Guidance for wood burning stoves in London

Air pollution affects the health of everyone in London. Along with emissions from transport and construction, burning wood and other solid fuels can contribute to this air pollution problem.

Why is wood burning a problem?

The main pollutant emitted by solid fuel burning is ultra-fine particulate matter, also known as PM2.5. This pollutant is not visible to the naked eye, so even “smokeless” fuels and appliances may be causing pollution.

PM2.5 is widely acknowledged as being the air pollutant which has the greatest impact on human health. Both short and long-term exposure to PM2.5 increase the risk of early deaths from respiratory and cardiovascular diseases as well as increased hospital admissions. 

Children growing up exposed to PM2.5 are more likely to have reduced lung function and can develop asthma. Current evidence suggests there is no safe level of PM2.5.

However, the World Health Organisation (WHO) set a guideline limit at which exposure to PM2.5 is more likely to increase risk of mortality. This recommended guideline limit is an annual mean concentration of 10 micrograms per cubic metre of air (μg/m3). 

The vast majority of  Londoners live in an area at least 50 percent higher than the WHO guideline limit. 7.9 million Londoners (nearly 95 percent of the capital’s population) live in areas of London that exceed the guideline limit by 50 percent or more.

How much of this PM2.5 is due to wood burning?

Wood burning is mostly seasonal so the contribution changes across the year. In summer months the amount of pollution caused by solid fuel burning can be very low, but in winter wood burning can contribute up to 10 per cent of local emissions in London.

In January 2017 pollution from wood burning was a major contributor to the highest levels of pollution recorded in London since 2011, resulting in a winter smog episode lasting for nine days.

What should I do about it?:

If you need to burn solid fuels to heat your home, choosing what you burn and how you burn it can make a big difference to the pollution it creates.  

Stoves and fireplaces:
Open fireplaces are the most polluting way to burn solid fuels. Using a well-designed, properly installed stove or appliance can make a big difference.

As a minimum you should make sure that your stove meets the legal requirements, but even Defra approved stoves can emit high levels of pollution. The Stove Industry Alliance has recently introduced the “Ecodesign Ready” label.

An EcoDesign Ready stove can emit up to 80 per cent less pollution than a normal Defra approved appliance. An up to date list of these stoves can be found on the HETAS website

Any stove or fireplace should also be properly maintained, and your chimney should be swept regularly.

If you are using an open fireplace you should only burn smokeless fuels. Not all fuels sold in London are smokeless; if in doubt ask your supplier.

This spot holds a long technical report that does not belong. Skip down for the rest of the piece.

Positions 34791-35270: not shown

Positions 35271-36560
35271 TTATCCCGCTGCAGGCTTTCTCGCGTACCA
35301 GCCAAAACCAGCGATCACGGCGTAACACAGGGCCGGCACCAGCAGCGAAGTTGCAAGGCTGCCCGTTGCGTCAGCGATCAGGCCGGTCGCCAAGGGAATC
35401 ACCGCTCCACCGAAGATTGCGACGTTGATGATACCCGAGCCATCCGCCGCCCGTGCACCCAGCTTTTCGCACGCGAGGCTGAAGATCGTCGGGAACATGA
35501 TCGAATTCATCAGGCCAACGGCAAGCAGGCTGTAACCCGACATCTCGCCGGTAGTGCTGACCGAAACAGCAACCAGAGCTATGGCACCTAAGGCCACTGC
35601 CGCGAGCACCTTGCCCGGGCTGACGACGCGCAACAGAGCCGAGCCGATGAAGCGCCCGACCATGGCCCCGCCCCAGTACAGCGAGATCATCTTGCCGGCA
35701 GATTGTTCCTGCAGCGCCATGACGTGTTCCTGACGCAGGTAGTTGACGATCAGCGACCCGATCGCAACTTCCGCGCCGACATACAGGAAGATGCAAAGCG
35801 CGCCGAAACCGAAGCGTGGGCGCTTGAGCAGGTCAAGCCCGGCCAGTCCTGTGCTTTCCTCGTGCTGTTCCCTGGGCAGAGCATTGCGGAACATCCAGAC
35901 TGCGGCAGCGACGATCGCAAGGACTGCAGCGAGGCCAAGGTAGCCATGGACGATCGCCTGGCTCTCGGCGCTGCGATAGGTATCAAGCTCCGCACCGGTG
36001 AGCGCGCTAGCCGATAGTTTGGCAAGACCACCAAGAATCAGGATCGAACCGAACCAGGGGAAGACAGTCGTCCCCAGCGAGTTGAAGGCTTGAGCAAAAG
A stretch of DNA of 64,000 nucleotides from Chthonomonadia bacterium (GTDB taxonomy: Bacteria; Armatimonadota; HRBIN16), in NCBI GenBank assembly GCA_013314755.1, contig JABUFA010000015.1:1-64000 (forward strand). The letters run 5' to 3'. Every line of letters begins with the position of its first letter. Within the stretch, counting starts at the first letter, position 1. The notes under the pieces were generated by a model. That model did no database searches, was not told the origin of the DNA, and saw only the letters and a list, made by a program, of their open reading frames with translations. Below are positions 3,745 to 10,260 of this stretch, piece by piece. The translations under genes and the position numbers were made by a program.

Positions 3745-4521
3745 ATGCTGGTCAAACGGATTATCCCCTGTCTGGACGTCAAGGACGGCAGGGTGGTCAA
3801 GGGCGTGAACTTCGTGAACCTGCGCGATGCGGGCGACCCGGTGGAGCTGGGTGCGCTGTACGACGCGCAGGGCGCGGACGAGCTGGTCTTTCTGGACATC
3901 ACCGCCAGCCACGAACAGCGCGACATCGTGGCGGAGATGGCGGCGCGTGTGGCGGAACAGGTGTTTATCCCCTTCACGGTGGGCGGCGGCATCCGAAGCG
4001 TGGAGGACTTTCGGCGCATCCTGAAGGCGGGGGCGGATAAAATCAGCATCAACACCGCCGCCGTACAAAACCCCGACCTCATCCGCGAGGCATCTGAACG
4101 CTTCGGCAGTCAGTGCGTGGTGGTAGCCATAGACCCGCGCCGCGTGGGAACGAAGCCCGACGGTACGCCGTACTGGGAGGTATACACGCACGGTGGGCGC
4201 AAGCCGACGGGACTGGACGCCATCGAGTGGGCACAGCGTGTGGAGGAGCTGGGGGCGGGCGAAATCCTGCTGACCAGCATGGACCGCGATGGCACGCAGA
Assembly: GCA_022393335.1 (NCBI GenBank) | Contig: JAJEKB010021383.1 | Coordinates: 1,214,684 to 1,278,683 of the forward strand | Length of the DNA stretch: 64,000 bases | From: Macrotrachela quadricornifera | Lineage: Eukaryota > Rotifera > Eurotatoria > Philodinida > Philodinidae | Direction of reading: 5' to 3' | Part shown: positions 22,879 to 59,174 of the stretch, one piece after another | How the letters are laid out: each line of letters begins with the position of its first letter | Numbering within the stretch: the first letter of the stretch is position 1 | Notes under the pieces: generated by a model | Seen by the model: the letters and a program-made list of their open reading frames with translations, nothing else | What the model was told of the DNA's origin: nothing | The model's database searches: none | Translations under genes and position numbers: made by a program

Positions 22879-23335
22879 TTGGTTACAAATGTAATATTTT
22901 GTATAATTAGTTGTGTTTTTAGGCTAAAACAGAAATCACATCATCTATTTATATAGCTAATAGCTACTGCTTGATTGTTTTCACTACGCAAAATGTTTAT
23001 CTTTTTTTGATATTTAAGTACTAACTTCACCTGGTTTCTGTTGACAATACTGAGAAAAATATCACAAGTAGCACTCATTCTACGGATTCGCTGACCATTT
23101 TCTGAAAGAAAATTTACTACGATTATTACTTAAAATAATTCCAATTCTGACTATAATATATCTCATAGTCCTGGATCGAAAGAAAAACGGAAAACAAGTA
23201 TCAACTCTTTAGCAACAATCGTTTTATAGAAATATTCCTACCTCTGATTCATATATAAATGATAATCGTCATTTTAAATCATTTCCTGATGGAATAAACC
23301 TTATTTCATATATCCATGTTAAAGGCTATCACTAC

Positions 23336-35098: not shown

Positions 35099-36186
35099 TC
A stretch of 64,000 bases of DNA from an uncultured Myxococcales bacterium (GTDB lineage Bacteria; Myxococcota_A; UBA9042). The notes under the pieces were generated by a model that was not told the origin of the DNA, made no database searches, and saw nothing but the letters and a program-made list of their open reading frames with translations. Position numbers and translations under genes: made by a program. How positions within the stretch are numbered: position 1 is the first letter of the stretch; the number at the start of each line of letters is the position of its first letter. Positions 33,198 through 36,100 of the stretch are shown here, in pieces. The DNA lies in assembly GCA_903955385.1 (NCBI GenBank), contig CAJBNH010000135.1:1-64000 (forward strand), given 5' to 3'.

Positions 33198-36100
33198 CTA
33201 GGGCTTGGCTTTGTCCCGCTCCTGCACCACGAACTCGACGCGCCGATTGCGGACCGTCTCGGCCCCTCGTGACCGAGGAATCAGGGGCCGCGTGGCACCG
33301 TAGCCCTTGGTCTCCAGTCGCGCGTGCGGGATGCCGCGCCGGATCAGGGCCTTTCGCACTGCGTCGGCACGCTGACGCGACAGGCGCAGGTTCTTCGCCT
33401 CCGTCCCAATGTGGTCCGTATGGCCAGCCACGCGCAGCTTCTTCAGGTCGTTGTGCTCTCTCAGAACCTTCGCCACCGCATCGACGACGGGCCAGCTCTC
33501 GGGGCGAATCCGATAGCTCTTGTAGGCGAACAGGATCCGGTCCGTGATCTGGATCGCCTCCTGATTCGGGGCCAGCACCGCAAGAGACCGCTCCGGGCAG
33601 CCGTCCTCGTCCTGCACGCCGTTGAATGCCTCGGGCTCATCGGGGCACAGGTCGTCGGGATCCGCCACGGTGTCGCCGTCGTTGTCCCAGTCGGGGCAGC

If you are using a stove or other appliance you can usually use normal wood as well as smokeless fuels. Usually wood that has been kiln dried or seasoned to have a lower moisture content will be much less polluting, as much as 50 per cent less pollution than emitted from burning fresh logs. Drier wood is also more efficient, producing more heat per log.

Wood that has the Woodsure Ready to Burn label is certified to have a low moisture content, for a full list of suppliers see the list on the Woodsure website.

You should not burn old pallets, furniture or scrap wood as it may contain contaminants that can be harmful to your health and the environment.

It is important to store your fuels correctly to make sure your wood does not get damp from the rain or damp in the ground. 

What does the law say?

The Clean Air Act says that you must not emit “dark smoke” from your chimney if you live in a smoke control area. The Clean Air Act applies to canal boats and house boats in the same way as to properties on land.

The law also allows the Government to certify smokeless fuels and “authorised appliances”, which are expected not to emit dark smoke and can be used in smoke control areas.

For more details about smoke control areas, smokeless fuels and authorised appliances please check the Government website

The majority of London is covered by smoke control areas, but if you are not sure check with your local borough.

Bonfires and barbecues

Bonfires and barbecues are not banned by the Clean Air Act, but if you create a lot of smoke you may be causing a statutory nuisance.

Burning garden waste on a bonfire is  unnecessary and unpleasant for your neighbours. Many boroughs operate garden waste collection schemes, access to home composting or provide facilities to drop off waste. To find out how to dispose of your garden waste responsibly contact your local borough.

Barbecues can also be unpleasant for other people. If you regularly have a barbecue in your garden you should think about using a gas alternative. 

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